By Greg Ellison
(Oct. 14, 2021) The Berlin Historic District Commission approved several requests during its meeting last Wednesday.
Economic and Community Development Director Ivy Wells presented plans for a decorative design to cover up the “No Parking,” warning painted on the asphalt by a mural in front of the Welcome Center at 14 S. Main St.
“It’s not very pleasant,” she said. “When people take pictures in front of the Welcome Center, they are standing right on the ‘no parking’ sign.”
The goal is to make the Welcome Center front area more welcoming, Wells said.
“It’s similar to an old English style walkway,” she said. “Instead of like you’re standing in a parking lot.”
Commission members voted in favor of the proposal.
Wells also pitched plans to spruce up an alley between Gilbert’s Provisions at 116 N. Main St. and Island Creamery at 120 N. Main Street.
The alley would be transformed into an entertaining functional sidewalk mural promoting pollinators.
“Since we are Bee City,” she said.
Plans also include installing a pair of rain barrel and container gardens.
“There are two AC units on the roof that drip condensation,” she said.
The result is often a slimy mess that at times makes the alley difficult to negotiate.
“We would like to add rain gardens where condensation drips down,” she said.
The trough storm water planters, which measure six feet long, would serve as bee pollinator gardens.
Building owner Troy Purnell gave permission for the alley to be reimagined as “Pollinator Way,” with an action-oriented mural to educate and entertain children.
Commission members unanimously approved the project.
Town Administrator Jeff Fleetwood and Public Works Superintendent Jimmy Charles requested approval to replace more than three-dozen windows at Town Hall.
Fleetwood said the project includes 38 widows, including one smaller bathroom opening.
“The fact is we need those windows replaced,” he said.
Charles displayed a sample version of the double-pane Anderson insulated replacement windows
Fleetwood said some fabrication was required to match the building’s current design features.
“The end result is the angles and colors will not change,” he said.
The commission voted to approve the renovation project at Town Hall.
Ernie Gerardi, who owns the building at 119 N. Main St. operating as the Sterling Tavern, presented a request for a new front awning to provide expanded outdoor service.
Gerardi said Sterling Tavern owners Matt and Brooke Borrelli launched the culinary venture this spring while society was navigating through coronavirus restrictions.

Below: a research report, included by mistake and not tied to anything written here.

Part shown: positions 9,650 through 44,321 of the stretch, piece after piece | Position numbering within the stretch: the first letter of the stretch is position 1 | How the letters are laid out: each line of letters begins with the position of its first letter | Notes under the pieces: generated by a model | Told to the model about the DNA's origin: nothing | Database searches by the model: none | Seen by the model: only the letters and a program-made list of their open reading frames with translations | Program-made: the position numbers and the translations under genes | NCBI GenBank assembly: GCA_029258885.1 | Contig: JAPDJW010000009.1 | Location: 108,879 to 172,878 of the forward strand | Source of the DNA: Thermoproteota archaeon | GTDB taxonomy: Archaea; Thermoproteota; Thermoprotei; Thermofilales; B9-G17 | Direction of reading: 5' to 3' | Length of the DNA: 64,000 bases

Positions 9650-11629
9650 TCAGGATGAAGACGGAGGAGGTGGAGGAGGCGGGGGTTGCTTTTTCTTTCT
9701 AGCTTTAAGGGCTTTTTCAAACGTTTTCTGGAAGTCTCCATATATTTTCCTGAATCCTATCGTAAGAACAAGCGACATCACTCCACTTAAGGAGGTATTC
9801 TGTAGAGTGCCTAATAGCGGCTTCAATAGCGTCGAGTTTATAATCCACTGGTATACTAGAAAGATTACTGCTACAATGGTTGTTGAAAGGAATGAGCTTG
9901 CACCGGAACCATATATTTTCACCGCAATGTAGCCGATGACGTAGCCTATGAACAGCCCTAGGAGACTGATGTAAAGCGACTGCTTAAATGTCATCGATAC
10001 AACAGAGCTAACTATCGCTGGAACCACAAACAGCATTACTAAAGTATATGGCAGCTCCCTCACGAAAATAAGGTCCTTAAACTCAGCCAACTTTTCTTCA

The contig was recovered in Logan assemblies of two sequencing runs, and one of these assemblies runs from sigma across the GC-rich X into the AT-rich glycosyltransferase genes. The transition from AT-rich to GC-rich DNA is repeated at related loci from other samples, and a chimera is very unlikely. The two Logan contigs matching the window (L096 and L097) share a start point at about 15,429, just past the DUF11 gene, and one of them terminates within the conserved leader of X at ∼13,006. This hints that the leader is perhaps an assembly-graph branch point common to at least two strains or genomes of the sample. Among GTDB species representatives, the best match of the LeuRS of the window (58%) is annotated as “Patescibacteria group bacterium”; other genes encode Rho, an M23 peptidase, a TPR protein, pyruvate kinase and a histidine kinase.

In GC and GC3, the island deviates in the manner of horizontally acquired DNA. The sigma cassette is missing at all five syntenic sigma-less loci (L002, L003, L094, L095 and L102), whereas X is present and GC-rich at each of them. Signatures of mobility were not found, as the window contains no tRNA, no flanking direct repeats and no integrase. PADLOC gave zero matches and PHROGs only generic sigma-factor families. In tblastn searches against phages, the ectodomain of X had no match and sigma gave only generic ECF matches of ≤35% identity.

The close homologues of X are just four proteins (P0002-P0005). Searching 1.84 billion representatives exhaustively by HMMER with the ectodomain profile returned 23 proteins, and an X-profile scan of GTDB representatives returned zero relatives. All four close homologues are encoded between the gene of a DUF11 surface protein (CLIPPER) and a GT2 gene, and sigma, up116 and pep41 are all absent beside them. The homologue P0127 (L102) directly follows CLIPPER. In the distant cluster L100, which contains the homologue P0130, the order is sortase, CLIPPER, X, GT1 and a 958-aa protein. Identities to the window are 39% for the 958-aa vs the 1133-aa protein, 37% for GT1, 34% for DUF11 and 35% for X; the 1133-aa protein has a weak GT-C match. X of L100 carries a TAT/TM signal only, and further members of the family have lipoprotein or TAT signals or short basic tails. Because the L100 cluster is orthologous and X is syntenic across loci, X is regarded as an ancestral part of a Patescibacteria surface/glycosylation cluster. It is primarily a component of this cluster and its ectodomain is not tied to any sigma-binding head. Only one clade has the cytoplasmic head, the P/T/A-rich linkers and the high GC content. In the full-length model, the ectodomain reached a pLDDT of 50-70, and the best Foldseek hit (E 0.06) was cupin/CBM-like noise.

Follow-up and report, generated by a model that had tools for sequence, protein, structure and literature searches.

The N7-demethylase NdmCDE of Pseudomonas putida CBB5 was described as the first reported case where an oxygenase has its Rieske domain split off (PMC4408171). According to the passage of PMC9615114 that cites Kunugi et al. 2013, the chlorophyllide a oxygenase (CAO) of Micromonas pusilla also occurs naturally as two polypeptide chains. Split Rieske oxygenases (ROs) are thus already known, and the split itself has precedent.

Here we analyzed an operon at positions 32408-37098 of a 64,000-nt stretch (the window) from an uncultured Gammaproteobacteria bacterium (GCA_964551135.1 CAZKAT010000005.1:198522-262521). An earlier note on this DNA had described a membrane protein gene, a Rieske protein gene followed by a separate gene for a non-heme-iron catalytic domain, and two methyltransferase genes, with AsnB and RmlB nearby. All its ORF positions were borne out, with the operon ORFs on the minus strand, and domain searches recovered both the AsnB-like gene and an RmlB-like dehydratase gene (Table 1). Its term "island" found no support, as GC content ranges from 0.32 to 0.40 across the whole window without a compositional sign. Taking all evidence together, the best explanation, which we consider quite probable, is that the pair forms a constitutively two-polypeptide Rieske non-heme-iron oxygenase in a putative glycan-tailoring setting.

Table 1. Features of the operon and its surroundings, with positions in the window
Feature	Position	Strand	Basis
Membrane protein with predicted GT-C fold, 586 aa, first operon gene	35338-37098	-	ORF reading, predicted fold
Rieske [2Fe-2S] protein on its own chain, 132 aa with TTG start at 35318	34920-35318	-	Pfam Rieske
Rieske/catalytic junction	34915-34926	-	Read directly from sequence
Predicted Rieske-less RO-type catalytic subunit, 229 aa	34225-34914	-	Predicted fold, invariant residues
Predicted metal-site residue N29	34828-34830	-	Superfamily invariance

“Outside seating is a premium,” he said. “The new owners wanted this; that is why I’m here.”
Project plans incorporate the existing metal roof with posts installed inside metal perimeter fencing.
“It would cover the entire front of the restaurant,” he said.
The commission approved the proposal, with Rose noting the seating addition would be an asset.
Ending on a different note, proposed exterior renovations for a building at 16 Pitts St. were sent back to the drawing board.
Samantha Pielstick, representing property owner John Burbage Jr., said the project is intended to freshen up the structure’s appearance to look more cohesive with the town.
Rose said the location’s current appearance is a disgrace.
“The building sat for decades without much work,” she said. “It’s time for the whole thing to be cleaned up.”
Project plans include resurfacing exterior stucco surfacing with new paint added, along with installing brick accent columns and window trim. Also proposed are shutters for upper floor windows and re-facing metal roofing.
“I don’t like any of this,” Rose said.
The design rendering appears more modern than Victorian, with Rose noting the building was originally all brick and did not include shutters.
Rose said historically accurate renovations should be pursued.
“It’s not appropriate for the age of that building.” “All that stucco is over brick.”
Commission member Norman Bunting agreed the site needed the proper attention
“I’m a big brick fan,” he said.
Commission members issued a continuance to permit design changes based on their feedback.
“Sorry, it might be a little expensive to make it right,” Rose said.